The Outdoor Power Equipment Institute (OPEI) Economic Forecast predicts that significant growth for the product segment will have to wait until Model Year (MY) 2006. The 2005 MY forecast for consumer product shipments will be about even with 2004 MY results -- averaging small growth in all consumer products combined.
The OPEI's Econometric Model forecasts a 2.1 percent increase in consumer walk-behind powered mower shipments for the 2005 MY (September 2004 - August 2005). For the same period, shipments of consumer riders are forecast to decrease .3 percent, while tillers are predicted to improve by 2.9 percent. The slow increase is attributed to the U.S. budget deficit, increased oil prices, higher interest rates, and an expected slow down in the new and existing home markets.
OPEI says consumer demand will increase by the end of 2005 and continue in 2006. With significant growth expected in disposable income during 2006, walk-behind shipments growth is forecast to be 5.1 percent during the 2006 MY, and consumer riders are expected to increase by 6.7 percent, OPEI said.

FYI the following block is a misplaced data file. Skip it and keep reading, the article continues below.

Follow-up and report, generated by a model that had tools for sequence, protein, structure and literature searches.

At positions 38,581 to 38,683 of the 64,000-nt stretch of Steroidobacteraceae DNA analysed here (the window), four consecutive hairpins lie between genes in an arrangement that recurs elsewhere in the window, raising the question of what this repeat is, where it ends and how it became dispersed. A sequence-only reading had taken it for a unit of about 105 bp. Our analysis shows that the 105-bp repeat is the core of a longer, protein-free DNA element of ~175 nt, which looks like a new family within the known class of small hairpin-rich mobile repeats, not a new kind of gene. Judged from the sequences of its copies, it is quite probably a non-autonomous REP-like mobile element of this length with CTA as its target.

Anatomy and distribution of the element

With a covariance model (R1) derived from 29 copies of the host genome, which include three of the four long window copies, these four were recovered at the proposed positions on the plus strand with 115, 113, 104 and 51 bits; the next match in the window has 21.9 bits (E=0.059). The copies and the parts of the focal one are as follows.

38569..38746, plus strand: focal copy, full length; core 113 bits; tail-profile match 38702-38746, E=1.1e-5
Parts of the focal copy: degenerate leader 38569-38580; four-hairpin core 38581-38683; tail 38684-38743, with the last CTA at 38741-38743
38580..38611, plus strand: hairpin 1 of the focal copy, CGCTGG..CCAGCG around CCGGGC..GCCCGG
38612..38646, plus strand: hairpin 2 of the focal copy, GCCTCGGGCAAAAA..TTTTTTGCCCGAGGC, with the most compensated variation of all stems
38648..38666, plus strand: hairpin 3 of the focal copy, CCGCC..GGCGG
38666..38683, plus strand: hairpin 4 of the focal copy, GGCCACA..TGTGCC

Commercial turf care intermediate walk-behind units are forecast to increase by 2.9 percent for the 2005 MY, and then accelerate in 2006 with a 6.5 percent increase. Shipments of commercial riders are predicted to outperform the overall industry and grow by 13.0 percent for 2005 MY, and expand by another 19.7 percent the following year.
In addition, OPEI said shipments of hand-held gasoline powered trimmers, chain saws, and hand-held blowers are forecast to post moderate gains during 2005 and 2006. Backpack blower shipments are forecast to decline slightly over the next couple of years, following strong growth from 2002-2004.
For 2005, a 1.8 percent increase over 2004 is expected for all forecasted gasoline powered hand-held products combined -- hand-held blowers, back-pack blowers, trimmers, and chain saws. In 2006, growth will increase to 2.4 percent, with shipments totaling about 12.2 million units. Gasoline powered back-pack blowers will be the only product to experience shipments declines for 2005 and 2006, OPEI said.
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